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Discussion in 'Movies' started by SamT, Sep 13, 2017.
This film has a great concept and then it gets just lost. The story jumbles in fits and spurts with elements that never work together. Characters float in and out and some are baffling by what we know earlier.
The concept: solid.
The execution: train wreck
Second worst movie I have ever seen.
Worst was Waiting for Guffman
Thanks for the warnings. I think I'll probably skip this one.
This is the kind of movie that no matter how bad the reviews are, it is not going to stop me to watch it at least once.
I'll probably check it out on cable but between the reviews & the various holiday things going on for the next week or week and a half, I doubt I'll see it in the theater.
Oh, I would never watch a movie like this in a theater.
I might. I know it’s getting terrible reviews but I have movie pass so that helps with these kind of movies.
I saw this and liked it up to a point, but it's not perfect.
The concept is a big creative swing, and Alexander Payne should be commended for that. There are a lot of big ideas in here. Some of them work. Some of them don't. It's extremely uneven.
I feel like once it gets into the second half or so where Damon begins to work with Hong Chau’s character, it turns a corner. I thought it was really interesting that, even though the pitch to Damon's character was to live like a king in Leisureland, there ended up being poor/less fortunate people in the downsized community as well. That seemed to be an interesting commentary on the fact that even when you are making a major societal shift, there are certain fundamental constructs, such as racial and class divisions, that can't be removed. That was a really compelling idea to me.
However, it takes a long time to get there. In particular, the first section of the film seemed to take forever. Even if you haven't seen the trailers, you know that Damon is going to downsize, because he is the lead character in the movie, and we wouldn't have a movie if he didn't, which creates a really long period where we (as the audience) are ahead of the characters, which doesn't really work. I feel like this could have been shortened significantly and made better by being tighter.
I also don't think the movie has the searing emotional specificity of The Descendants and Nebraska, which were intimate, personal stories. I didn't feel as much of a reason to care about Damon's character here as I did for the characters in those movies.
And, I felt like the romance between Damon and Chau was rushed and not thoroughly developed. In the end, when he thinks he's doing something for mankind by going into the bunker, the movie wants you to think that, in turning back, he has grown as a person by realizing the value of helping the less fortunate, but he really turns back because he's suddenly in love with this woman he's known for what, a few weeks at that point? The arc he goes on doesn't work quite as well as the movie would like it to. Also, the whole time when he was considering it, I wanted someone to point out to him that it doesn't matter what he, specifically, does or doesn't do. Other people are going into the bunker, so if they're right and humans above ground are going to go extinct, the human race is safe whether or not he is with them; his being there, or not being there, individually, is not a huge service to mankind.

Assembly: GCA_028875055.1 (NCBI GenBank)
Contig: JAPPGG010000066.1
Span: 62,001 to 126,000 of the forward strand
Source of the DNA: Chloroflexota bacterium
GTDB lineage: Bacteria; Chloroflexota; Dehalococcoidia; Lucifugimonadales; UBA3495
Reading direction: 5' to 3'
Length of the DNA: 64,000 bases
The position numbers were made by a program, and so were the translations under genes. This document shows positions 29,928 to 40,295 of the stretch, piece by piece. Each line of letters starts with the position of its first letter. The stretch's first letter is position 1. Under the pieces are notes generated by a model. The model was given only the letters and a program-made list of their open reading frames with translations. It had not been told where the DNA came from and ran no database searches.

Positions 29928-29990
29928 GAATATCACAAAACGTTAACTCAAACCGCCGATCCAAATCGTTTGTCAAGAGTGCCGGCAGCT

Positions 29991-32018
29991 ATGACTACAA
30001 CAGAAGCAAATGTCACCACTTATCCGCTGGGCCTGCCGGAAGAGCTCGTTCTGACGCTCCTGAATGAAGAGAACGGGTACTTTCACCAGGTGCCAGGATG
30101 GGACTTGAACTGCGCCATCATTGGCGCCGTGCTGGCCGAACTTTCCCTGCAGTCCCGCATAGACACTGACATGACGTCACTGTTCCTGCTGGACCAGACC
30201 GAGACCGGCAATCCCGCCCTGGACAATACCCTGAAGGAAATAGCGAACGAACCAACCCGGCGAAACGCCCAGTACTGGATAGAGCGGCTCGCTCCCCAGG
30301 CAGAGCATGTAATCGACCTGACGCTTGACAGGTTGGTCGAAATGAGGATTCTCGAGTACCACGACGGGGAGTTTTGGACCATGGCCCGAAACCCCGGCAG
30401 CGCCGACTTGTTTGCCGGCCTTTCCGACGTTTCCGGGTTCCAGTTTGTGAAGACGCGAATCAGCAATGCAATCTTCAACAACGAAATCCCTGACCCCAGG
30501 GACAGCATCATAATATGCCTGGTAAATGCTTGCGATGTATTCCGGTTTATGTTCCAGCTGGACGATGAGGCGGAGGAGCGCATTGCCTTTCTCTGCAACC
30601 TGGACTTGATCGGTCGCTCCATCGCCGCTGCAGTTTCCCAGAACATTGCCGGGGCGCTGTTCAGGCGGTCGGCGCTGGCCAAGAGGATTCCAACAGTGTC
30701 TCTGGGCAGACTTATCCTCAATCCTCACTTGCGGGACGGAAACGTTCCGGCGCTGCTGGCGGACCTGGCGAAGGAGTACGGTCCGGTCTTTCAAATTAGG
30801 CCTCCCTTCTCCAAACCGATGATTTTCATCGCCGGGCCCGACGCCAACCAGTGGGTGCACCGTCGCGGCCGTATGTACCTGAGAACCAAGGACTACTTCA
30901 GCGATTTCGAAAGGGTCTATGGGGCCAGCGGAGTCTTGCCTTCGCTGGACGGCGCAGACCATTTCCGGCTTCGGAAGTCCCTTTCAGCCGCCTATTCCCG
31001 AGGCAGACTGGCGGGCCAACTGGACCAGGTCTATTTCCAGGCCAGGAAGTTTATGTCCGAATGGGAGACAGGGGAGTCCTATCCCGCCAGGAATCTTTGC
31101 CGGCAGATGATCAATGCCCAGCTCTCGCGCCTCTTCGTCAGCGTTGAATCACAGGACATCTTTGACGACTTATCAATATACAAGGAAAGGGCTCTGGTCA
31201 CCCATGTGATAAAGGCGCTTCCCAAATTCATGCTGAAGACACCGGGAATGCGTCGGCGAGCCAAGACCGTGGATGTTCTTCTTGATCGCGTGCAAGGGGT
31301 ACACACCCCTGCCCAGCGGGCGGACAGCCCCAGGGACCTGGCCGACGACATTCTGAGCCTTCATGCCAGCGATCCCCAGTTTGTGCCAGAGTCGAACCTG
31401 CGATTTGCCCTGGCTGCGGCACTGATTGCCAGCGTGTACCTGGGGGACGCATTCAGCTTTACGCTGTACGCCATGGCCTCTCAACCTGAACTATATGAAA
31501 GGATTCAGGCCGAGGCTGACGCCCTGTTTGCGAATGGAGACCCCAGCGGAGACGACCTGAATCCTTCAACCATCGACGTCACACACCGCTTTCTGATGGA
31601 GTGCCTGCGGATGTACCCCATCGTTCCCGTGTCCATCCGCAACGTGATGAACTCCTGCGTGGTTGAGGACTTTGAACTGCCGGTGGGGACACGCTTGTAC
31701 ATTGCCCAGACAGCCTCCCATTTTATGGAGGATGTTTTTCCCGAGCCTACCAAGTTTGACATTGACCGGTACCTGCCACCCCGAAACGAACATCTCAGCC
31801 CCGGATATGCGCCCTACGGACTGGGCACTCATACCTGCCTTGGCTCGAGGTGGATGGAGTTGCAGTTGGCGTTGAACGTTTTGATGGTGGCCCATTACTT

Jake's comments were right on.
I feel this was marketed badly, with the trailer implying it was some "Honey, I Shrunk the Kids" type comedy. It's anything but if you follow the journey, or are familiar with Payne's other films. That was a complete disservice (and Wig and Sudekis are in it for about thirty seconds).
I guess it's not a great endorsement, but I enjoyed it for what it was aspiring for, and the journey it was taking its everyman character on, but how do you build such a journey around what needs to be an almost completely flat and reactive performance from the lead, Damon? That's why Chau takes over the picture so easily and will get the supporting actor nomination.
Wayne, I agree. I think that what it aspires for is a good goal, but I don't think it made it to where it wanted to be.
Stupid idea for a plot. If it were possible in reality ,then you wouldn't be able to travel into outer space. Anyway I am not a fan of Matt Damon as an actor so that would be enough reason for me not to see the film. Why are so many holiday films getting the thumbs down from the critics? PADDINGTON 2 and CALL ME BY YOUR NAME seems to be the only ones that appear to be worth seeing .Not interested in the latest STAR WARS film after loathing the previous film. Friends also hated the latest in the series. STAR BORES said one friend.
A large part of the problem for me is that we are not presented with a reason to care about Damon's character. I get that they want him to be an audience surrogate, so that we can project ourselves onto him as we experience the strange new world through his eyes. I get why they would make that choice. But he is not written to have any personality. This isn't so much his fault because he was only working with what he was given, but there's really not much there for him to use. You can have a protagonist who serves as an audience surrogate who is also specifically colored, and this movie doesn't.
Luke in the original Star Wars is a good example. He is an average farm boy from the middle of nowhere who doesn't know anything about the Jedi or the Force at the beginning of the film, and we learn about it along with him. But he also has spunk, personality, hopes, dreams. He's fun to watch because he is easy to relate to even though he is surrounded by an unusual sci-fi world. Payne's writing didn't give Damon any of that specificity, and since we don't really invest in him, what are we supposed to care about in the movie?